Doing business in Russia became a lot easier in January after the publication of a "land code". Not that there aren't one or two little problems left …
At last, it seems the doors are opening to Western developers wishing to explore Russia. Until recently, a private company's right to own land was governed by inconsistent and sometimes obsolete rules, and in any case almost all land was the state's. After a long struggle through the 1990s, this has now changed and a "land code" was adopted with effect from 30 October 2001.

Under the code, the authorities are obliged to grant outright ownership or the leasehold of land to anyone requiring it for construction purposes. Certain types of land are excluded from this general rule, including nature reserves, "first grade" forest or land in military zones.

The procedure for obtaining land is only outlined sketchily in the land code. In most cases, it involves a tender stage where the initial applicant has to compete with other potential buyers. The final stage is the registration of ownership or a lease in the Russian land register.

This privatisation of land is open to foreigners as well. The only limitation on them worth mentioning is that they cannot own (but can lease) land near Russia's borders and other security-sensitive but yet-to-be specified areas. Politically sensitive agricultural land may not be sold or leased to anyone for the time being.

Would-be developers should be aware of a fundamental difference in the way property is dealt with in Russia. Under the Russian civil code, buildings and land usually had separate titles. So if you owned a building, you did not necessarily own the land underneath it, although you would have had an automatic right to use it.

The new code introduces the principle that "buildings follow the land" and effectively terminates the civil code rule of use. The land code provides for a transition where a building owner may opt to buy or lease the land under its building. Supplementary rules set the upper and lower price limits for the purchase of such land.

A note of caution: as you would expect with such a revolutionary change in approach to national property rights, there will no doubt be teething troubles and not a little confusion.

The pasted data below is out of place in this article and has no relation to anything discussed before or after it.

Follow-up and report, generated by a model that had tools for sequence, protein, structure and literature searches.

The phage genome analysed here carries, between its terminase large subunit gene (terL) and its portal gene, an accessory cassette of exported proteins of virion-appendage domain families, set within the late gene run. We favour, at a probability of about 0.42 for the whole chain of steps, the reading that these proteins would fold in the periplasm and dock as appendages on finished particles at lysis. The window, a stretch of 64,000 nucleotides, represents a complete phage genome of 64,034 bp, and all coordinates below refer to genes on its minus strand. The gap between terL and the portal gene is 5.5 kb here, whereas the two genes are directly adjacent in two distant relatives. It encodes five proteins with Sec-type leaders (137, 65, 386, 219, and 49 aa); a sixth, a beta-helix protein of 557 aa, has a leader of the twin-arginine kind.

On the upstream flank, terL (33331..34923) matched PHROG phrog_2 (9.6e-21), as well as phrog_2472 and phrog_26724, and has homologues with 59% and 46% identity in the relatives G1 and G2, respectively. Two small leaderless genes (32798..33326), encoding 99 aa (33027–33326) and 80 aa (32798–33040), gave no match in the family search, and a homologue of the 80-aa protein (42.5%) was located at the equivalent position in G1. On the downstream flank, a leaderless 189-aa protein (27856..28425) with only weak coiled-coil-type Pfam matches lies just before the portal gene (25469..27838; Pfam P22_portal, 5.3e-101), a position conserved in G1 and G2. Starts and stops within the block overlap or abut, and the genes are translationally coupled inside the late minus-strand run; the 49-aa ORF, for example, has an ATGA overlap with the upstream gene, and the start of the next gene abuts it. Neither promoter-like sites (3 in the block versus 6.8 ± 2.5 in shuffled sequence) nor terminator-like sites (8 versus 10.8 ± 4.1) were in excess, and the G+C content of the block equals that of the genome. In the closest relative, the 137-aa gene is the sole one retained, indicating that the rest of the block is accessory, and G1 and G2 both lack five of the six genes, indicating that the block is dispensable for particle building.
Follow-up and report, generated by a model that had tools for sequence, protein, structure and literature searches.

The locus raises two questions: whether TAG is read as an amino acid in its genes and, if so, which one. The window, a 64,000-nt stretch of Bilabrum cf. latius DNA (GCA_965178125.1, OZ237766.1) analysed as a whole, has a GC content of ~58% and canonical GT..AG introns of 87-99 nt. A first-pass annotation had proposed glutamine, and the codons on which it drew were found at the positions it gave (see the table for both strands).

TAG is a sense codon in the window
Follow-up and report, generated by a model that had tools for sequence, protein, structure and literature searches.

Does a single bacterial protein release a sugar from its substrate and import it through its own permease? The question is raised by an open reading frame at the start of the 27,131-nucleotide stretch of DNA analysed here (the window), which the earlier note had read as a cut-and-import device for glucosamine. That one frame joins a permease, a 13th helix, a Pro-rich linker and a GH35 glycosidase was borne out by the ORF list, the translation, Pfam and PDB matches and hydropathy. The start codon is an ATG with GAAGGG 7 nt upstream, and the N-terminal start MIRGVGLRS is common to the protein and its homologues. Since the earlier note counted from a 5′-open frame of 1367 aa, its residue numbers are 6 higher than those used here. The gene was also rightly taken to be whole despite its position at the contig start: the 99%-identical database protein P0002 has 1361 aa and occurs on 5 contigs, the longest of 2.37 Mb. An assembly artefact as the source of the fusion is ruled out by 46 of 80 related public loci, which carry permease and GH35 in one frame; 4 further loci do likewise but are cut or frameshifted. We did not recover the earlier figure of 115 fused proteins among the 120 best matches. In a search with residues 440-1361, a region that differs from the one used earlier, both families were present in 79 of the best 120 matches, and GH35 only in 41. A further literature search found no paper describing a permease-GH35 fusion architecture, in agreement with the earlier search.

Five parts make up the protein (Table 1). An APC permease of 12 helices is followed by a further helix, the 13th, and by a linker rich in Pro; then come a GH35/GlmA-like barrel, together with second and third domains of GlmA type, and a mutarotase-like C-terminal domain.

For example, an important chapter of the civil code became effective from April 2001. This defines the scope of ownership and other rights to land and some other principal issues (including withdrawal of land), and although the land code repeats and elaborates on some of the civil code's provisions, it also contradicts it in parts. On many of these contradictory points, there is no answer as to which set of rules should be followed. Until the two codes are made consistent, any conflict will have to be decided on a case-by-case basis.

Another source of potential confusion lies in identifying the actual owner of the land that a developer wants to buy or lease. The Russian system is made up of the federal state, its 89 regions and their municipalities. A federal law establishing the principle of separation between these elements for all state-owned land became effective in January, but much work still needs to be done by the relevant land authorities to work out exactly who owns what.

Finally, although the new land code applies to Russia generally, Russia's structure of a federal state and regions, means that local laws and regulations will need to be passed in order to implement certain aspects of the land code, particularly on issues where it cannot regulate in sufficient detail.

Certainly the foundations for development activity in Russia are in place. Although there will no doubt be some uncertainty, those with the most entrepreneurial spirit, ready to commence development projects, are likely to be the ones who benefit when the mist finally clears.